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Microstructural Evolution of INCONEL® Alloy 740H® Fusion Welds during Creep

Microstructural Evolution of INCONEL® Alloy 740H® Fusion Welds during Creep

Advanced Ultra-Supercritical (A-USC) coal-fired plants will realize efficiency gains and CO2 emissions reductions by operating at up to 760°C. As such, the creep rupture and corrosion requirements for materials in the hottest sections of these new plants will exceed what is attainable by ferritic steels, stainless steels, and most solid solution strengthened Ni-based superalloys. INCONEL® Alloy 740H®, a γ’ strengthened Ni-based alloy has therefore been targeted for this application. However, deleterious microstructural features commonly referred to as precipitate-free or precipitate-denuded zones (shown at right) have been observed along the grain boundaries of alloy 740H weld metal after creep. These denuded zones are locally soft regions within the microstructure and therefore serve as damage accumulation sites which cause a large weld creep strength reduction across a wide variety of creep temperatures and stresses. The objective of this research is to understand the microstructural evolution of alloy 740H fusion welds during creep and establish material and/or processing modifications that can be used to improve the creep performance of welded components.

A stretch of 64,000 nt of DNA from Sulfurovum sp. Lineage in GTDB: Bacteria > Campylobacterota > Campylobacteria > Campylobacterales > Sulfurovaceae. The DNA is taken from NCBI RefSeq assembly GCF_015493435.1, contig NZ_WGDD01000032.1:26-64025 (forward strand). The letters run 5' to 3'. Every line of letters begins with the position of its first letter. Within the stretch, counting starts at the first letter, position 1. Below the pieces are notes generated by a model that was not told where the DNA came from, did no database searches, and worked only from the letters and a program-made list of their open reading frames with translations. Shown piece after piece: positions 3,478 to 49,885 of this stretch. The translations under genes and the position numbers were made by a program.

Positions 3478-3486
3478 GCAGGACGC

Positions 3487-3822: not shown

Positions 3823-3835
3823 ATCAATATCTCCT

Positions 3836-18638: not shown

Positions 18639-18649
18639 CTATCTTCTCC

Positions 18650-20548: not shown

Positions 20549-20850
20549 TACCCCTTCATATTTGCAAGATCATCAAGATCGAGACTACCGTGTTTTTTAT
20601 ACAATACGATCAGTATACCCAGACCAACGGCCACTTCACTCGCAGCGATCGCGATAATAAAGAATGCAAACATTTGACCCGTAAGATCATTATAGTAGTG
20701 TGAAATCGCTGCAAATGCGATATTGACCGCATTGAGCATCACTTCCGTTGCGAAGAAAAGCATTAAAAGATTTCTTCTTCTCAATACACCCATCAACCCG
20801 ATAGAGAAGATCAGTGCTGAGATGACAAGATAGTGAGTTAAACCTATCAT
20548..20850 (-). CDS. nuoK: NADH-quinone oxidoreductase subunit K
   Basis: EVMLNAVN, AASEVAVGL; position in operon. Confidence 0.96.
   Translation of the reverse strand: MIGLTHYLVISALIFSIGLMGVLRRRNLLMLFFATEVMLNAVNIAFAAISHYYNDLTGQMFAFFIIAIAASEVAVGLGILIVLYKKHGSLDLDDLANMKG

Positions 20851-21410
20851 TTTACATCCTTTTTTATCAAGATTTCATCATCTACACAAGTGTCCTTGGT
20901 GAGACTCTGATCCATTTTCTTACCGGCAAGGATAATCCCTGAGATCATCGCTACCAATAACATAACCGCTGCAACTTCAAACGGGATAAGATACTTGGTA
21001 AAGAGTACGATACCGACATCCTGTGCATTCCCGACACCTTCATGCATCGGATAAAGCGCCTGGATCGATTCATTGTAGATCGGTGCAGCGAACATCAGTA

Microstructural investigation to date has revealed that the γ’-denuded zones in alloy 740H fusion welds evolve due to the ifluence of four factors: weld metal is more susceptible to the formation of these regions than the base metal because of the microsegregation present in the weld from solute partitioning during solidification (shown at right), higher creep stresses promote denuded zone formation, as do longer high-temperature exposure times, and higher exposure temperatures. Comparison of the microstructural features associated with the γ’ denuded

 zones in alloy 740H to the features characteristic of similar regions identified in the literature over the past 60 years has revealed that they are most likely caused by discontinuous coarsening of γ’ at the weld metal grain boundaries. This reaction is driven by the aforementioned solute segregation in the weld metal as well as the motion of grain boundaries via creep deformation and straightening of tortuous weld metal boundaries, and it results in the coarse, elongated γ’ precipitates shown above. One method of mitigating the driving force for the discontinuous coarsening reaction is to reduce the solute segregation in the alloy 740H fusion welds by heat treatment. Thermodynamic and kinetic modeling, verified by experimentally applied heat treatments, have shown that an 1100°C/4hr treatment is sufficient to homogenize the compositional gradients that develop upon weld metal solidification. Current research efforts are focused on understanding the formation of γ’-denuded zones by performing a well-controlled series of thermo-mechanical tests in the Gleeble.


Sponsor:  Special Metals (through NSF I/UCRC)
Graduate Student: Daniel Bechetti (PhD)
Collaborators: Dr. John Lippold (Ohio State), Babcock and Wilcox, ThermoCalc, ORNL


Publications

1.       Bechetti, D. H., DuPont, J. N., deBarbadillo, J. J., Baker, B.A. Homogenization and Dissolution Kinetics of Fusion Welds in INCONEL® Alloy 740H, Metallurgical and Materials Transactions A: Physical Metallurgy and Materials Science, accepted for publication.